Imperial College London in the UK has advanced its Covid-19 vaccine candidate into the next phase of the COVAC1 clinical trial following the success in the initial dose escalation phase involving 15 volunteers.

The latest phase of the study will enrol 105 participants aged 18-75 who will be given one of three doses of the vaccine candidate at a facility in west London. This first shot will be followed by a booster four weeks later.

Participants in the initial phase will also receive their second booster dose in the coming days.

The clinical team will track any potential adverse reactions, as well as test participants’ blood samples for the presence of neutralising antibodies against the SARS-CoV-2 virus, which causes Covid-19.

Imperial College London professor Robin Shattock said: “Analysing blood samples for antibodies and T-cell response will provide some indication of whether our vaccine can produce an immune response to fight the virus.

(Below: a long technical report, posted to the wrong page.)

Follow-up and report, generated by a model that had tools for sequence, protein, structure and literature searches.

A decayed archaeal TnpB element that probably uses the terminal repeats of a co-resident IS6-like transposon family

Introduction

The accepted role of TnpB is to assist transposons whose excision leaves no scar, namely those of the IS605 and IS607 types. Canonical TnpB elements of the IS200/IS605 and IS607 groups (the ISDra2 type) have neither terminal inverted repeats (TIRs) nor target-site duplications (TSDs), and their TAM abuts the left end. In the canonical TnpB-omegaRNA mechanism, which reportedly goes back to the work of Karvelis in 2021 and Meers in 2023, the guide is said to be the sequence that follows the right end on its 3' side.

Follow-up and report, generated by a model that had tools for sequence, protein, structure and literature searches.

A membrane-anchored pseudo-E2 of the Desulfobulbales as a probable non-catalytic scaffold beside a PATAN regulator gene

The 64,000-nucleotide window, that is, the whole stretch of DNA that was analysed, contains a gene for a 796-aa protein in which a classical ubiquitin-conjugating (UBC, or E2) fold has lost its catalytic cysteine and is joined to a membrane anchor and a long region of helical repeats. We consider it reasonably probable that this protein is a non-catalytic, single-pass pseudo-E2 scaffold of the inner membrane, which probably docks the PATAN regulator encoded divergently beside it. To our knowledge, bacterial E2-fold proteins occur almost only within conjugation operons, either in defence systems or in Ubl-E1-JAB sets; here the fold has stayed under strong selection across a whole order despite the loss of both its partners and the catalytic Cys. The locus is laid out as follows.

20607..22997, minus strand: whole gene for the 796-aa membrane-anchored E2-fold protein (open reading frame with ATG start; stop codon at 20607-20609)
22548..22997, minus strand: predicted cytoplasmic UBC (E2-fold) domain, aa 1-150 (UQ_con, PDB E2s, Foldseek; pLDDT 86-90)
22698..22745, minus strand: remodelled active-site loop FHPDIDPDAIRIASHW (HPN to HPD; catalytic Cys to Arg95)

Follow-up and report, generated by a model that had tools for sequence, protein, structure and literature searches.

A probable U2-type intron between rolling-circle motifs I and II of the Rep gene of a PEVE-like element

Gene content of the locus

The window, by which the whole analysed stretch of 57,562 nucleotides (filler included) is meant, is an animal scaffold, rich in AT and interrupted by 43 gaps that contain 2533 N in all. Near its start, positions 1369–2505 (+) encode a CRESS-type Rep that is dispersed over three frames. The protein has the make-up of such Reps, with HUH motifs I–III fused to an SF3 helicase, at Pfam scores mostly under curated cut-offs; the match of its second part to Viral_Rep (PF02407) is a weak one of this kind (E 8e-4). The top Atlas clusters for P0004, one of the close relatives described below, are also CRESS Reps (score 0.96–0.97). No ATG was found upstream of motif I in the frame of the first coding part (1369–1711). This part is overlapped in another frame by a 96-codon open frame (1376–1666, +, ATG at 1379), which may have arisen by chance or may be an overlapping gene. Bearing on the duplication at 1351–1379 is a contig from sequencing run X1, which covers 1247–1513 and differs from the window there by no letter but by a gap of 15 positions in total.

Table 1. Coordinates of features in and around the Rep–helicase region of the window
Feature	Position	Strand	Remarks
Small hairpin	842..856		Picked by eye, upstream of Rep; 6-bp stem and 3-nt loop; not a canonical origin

“Larger clinical trials will still be needed to tell us whether our vaccine candidate, and any other Covid-19 vaccine in development, may be successful in reducing the spread or severity of Covid-19.”

Imperial College’s Covid-19 vaccine candidate is based on new self-amplifying RNA (saRNA) technology. It was subjected to preclinical studies and animal tests found the vaccine to be safe, with the potential to generate an effective immune response.

According to preclinical data published in Nature Communications journal, two doses of the vaccine were able to generate highly specific antibodies that could neutralise the virus in mice.

Imperial College started dosing participants in the COVAC1 trial last month.

The development and clinical trials of this Covid-19 vaccine candidate are supported by more than £40m in funding from the UK Government and additional financing in philanthropic donations.